Motivated by the economic need to have resources, 100% utilised causes unintentional client congestion and excessive project delays. 5 min read.
Project Services Congestion
Our previous blog, Project Services Queuing Model, identified uncertain project arrival and delivery times result in long queues and wait times that frustrate clients even when resources are utilised less than 100%. This occurs when the project arrival rate into a project organisation exceeds the project delivery rate at that point in time. Intuitively this makes sense. What is less well known is how congestion is affected by project resource utilisation.
Project Services Congestion Simulation
The following is a simulation showing how increasing uncertain project delivery times in 0.1 hr increments from 0.1-to-1.0 hrs for a single resource affects congestion, which correlates with a resource utilisation of 10%-to-100%. In the interests of running time, this video has been truncated in places to cover the simulation period of 480 hours, which allows the project organisation to overcome warm-up bias and achieve steady-state.
Project Services Queuing Results
As the project delivery rate is increased, both project queuing length and wait exhibit exponential outcomes when utilisation increases beyond 60 or 70%, with dramatic affects being shown for both the average results and the maximum. For the given simulation run if a manager were trying to achieve 100% resource utilization, then clients would have a project experience of 76.1 hours for 1 hour of project delivery time! Clearly, the chances of this project services organisation staying in business for long are limited.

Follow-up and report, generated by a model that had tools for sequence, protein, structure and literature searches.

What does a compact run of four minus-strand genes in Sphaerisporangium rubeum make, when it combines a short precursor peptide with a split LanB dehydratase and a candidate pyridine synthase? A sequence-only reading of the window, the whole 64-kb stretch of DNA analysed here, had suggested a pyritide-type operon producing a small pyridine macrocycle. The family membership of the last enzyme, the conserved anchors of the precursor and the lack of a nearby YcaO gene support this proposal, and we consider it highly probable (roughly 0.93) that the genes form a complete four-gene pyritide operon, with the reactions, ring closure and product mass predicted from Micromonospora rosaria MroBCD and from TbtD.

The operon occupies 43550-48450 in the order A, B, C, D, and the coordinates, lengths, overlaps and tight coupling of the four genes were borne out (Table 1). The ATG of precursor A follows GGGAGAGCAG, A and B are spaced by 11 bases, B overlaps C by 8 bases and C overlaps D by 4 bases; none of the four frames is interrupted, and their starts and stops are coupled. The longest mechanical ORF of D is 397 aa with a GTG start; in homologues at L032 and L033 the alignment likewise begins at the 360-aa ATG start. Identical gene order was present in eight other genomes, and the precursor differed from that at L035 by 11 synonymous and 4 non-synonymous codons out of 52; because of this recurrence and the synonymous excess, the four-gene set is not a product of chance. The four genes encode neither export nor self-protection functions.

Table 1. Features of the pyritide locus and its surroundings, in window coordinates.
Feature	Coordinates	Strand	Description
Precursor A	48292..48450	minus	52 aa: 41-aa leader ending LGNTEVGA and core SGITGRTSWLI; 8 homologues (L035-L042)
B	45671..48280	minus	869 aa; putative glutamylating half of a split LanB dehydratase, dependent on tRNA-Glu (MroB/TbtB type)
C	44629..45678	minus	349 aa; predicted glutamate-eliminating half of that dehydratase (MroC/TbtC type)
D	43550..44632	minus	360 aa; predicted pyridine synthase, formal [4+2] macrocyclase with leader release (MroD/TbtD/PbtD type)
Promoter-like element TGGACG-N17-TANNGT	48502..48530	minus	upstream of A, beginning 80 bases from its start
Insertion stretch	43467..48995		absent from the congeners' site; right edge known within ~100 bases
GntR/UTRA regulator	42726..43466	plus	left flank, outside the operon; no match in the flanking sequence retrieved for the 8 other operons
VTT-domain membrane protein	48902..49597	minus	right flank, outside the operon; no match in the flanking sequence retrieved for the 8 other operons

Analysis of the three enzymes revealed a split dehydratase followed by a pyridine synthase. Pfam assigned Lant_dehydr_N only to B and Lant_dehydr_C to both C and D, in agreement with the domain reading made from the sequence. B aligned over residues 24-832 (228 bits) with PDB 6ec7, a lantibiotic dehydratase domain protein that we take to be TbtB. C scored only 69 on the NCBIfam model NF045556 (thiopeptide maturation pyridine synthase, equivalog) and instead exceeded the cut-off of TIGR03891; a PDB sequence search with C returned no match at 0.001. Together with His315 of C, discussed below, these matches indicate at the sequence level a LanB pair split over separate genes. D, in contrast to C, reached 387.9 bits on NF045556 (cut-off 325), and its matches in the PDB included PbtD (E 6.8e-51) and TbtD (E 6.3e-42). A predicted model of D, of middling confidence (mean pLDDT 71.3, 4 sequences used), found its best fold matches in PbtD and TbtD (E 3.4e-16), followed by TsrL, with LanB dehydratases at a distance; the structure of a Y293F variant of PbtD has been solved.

Project Services Queuing Summary
The simulation and results show that to avoid excessive congestion and client waiting times, a resource utilisation figure of less than 60% is desired in a single-channel single-phase project system. This insight has important implications for the management of projects. Even though management might require a project organisation to be 100% utilised, the model shows that congestion and waiting times are very sensitive to resource utilisations, particularly when it exceeds 60%. As such, management can significantly improve congestion and waiting times by planning some idle capacity in the project organisation.
In summary, our intuitive understanding of queuing systems is not adequate to understand the size and affect of high resource utilisation, and by modelling project organisations using queuing models, better client outcomes can be achieved.
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